A retired U.S. Army Green Beret is running for a U.S. congressional seat in North Carolina, despite a history of criminal arrests. He says his history makes him relatable as society is pushing to elect “real people.”
Tony Cowden is running as a Republican candidate for North Carolina’s 3rd congressional. In an interview with Fox News on Saturday, the 46-year-old Cowden was open about his military service and his past run-ins with the law. Cowden said he sees his arrest record as “nothing embarrassing” and even a detail some voters “can relate to.”
Cowden reportedly served 22 years in the special operations community, including eight years directly in the military and now owns a gym.
Between the mid-1990s and 2018, Cowden had been arrested for multiple offenses, including a DUI, DWI and driving without a license and damaging to personal property. Cowden was also arrested in 2007 for an assault on a female, and for assault and battery and making threats in 2016.
The 2007 assault case was closed shortly after it had been opened. Cowden explained that he had gotten into an argument with his ex-wife at the time and neighbors called the police on them. Cowden said he and his ex-wife were having dinner together when she became upset and “started throwing things and broke some household items.” Cowden said she also bit him and the officer who wrote the arrest report said he saw “faint marks” on Cowden’s arm, but could not be sure what caused them. Cowden’s ex-wife told police he had “assaulted her, but didn’t say where,” and the officer saw no “signs of assault on her.” His ex-wife later swore before a judge that there was no assault. Cowden said he has “never struck a female” in his life and the 2007 arrest record lists both Cowden and his ex-wife as victims in the case.
In the 2016 assault and threats case, a man by the name of Ronaldo Ezequiel Martinez alleged Cowden had communicated threats and committed assault and battery against him. No police report is available for the 2016 incident and New Hanover County Lt. Deputy Jerry Brewer told Fox News that Martinez may directly request an arrest warrant from a magistrate.
A judge ultimately dismissed the 2016 charges against Cowden and in 2019, Martinez plead guilty to a two-count first-degree burglary charge from 2017.
“It was a rival gym owner down the street,” Cowden said of his 2016 interaction with Martinez. We had an argument, and he was a vindictive young fella.”
“If you look at physical Martinez, he’s currently in prison,” Cowden added.
“. . . So the fella who went down to the magistrate and told the magistrate that I struck him — not the most credible person.”
Cowden admits “the charge is there” but said the underlying incident took place in front of a North Carolina highway patrolman and noted no charge came about until after Martinez went to a magistrate. Cowden said “when the magistrate interviewed them, the charges were dissolved. It never went to court.”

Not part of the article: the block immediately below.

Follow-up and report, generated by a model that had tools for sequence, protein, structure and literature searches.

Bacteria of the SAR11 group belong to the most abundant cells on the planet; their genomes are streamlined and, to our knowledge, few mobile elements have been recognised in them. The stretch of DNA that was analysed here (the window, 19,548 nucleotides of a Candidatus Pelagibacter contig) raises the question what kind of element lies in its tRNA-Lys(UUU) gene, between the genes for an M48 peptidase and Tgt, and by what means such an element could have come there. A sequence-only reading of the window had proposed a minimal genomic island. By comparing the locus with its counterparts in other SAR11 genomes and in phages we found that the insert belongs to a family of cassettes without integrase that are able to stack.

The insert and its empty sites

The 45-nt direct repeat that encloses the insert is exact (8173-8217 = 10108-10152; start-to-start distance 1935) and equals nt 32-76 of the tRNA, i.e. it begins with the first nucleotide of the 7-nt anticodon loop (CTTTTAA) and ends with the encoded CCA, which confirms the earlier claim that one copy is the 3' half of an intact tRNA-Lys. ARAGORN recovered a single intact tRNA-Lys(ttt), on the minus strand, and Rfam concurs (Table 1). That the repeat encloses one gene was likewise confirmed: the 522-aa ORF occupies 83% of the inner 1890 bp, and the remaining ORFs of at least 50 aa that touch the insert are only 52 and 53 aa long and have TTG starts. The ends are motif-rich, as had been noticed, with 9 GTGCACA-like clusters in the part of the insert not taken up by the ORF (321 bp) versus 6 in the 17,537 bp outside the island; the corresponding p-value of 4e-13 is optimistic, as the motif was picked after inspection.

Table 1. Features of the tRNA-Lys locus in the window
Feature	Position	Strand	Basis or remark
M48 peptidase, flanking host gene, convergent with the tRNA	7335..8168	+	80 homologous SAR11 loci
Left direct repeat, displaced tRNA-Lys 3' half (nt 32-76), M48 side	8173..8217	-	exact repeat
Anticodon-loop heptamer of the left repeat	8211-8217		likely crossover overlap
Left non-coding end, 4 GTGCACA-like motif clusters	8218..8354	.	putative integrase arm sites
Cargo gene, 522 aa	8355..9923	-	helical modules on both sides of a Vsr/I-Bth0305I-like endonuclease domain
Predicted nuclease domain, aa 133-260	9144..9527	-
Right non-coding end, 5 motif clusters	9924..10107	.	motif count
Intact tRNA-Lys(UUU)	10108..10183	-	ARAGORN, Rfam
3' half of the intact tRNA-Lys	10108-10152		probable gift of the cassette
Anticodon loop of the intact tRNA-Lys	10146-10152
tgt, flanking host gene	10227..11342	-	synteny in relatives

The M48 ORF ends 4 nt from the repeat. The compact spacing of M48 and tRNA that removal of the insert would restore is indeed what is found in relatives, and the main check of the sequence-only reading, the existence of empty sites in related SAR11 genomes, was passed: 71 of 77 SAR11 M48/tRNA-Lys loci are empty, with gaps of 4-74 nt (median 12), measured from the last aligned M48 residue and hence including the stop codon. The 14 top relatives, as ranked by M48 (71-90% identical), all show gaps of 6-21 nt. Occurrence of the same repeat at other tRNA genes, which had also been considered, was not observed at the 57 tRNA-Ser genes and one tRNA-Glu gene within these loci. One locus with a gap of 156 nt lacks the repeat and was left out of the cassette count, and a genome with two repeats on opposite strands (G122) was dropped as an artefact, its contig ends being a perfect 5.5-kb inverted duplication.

As for Cowden’s DUI charge, he admitted there was no mistake in the charge.
“With the DUI, yeah, young and dumb. No better explanation,” he told Fox News.
Cowden said at the time of the DUI charge he had “no real purpose in life,” and it was “before I joined the military.” Cowden said it was actually his DUI episode that inspired him to change his life and join the Army.
“I actually stopped drinking,” Cowden said. “I don’t drink alcohol or party or anything like that.”
Cowden indicated he’s not shy about his past.
“My record’s my record . . . and I’ve always been very honest with it,” Cowden told Fox News. “Throughout my entire career, I’ve helped a lot of young soldiers who get themselves into trouble. . . . People do dumb things and get themselves in trouble.”
Cowden said he didn’t have “any interest in politics whatsoever” until recently, when he launched the nonprofit group American Oath Initiative (AOI) to help other veterans candidates kickstart their political careers.
On his campaign website, Cowden describes himself as a “principled conservative.” He lists “balancing the budget” and “securing the border” as a couple of his campaign platforms. Cowden says “all gun laws are infringements” and one of the first things he would do in office is present legislation to legalize suppressors and “short-barreled rifles.”
“A representative shouldn’t be bought or paid for by a corporation,” Cowden told Fox News. “They’re being elected to represent the people of their district. Not a corporation or big pharma or any of those major corporate players in our government. You know, that’s a huge frustration, right?”
Cowden is one of several Republican candidates running in the GOP primary for the 3rd Congressional district. He faces incumbent Rep. Greg Murphy (R-NC), who has the endorsement of former President Donald Trump, as well as fellow challengers Eric Earhart, Brian Friend and George Papstrat.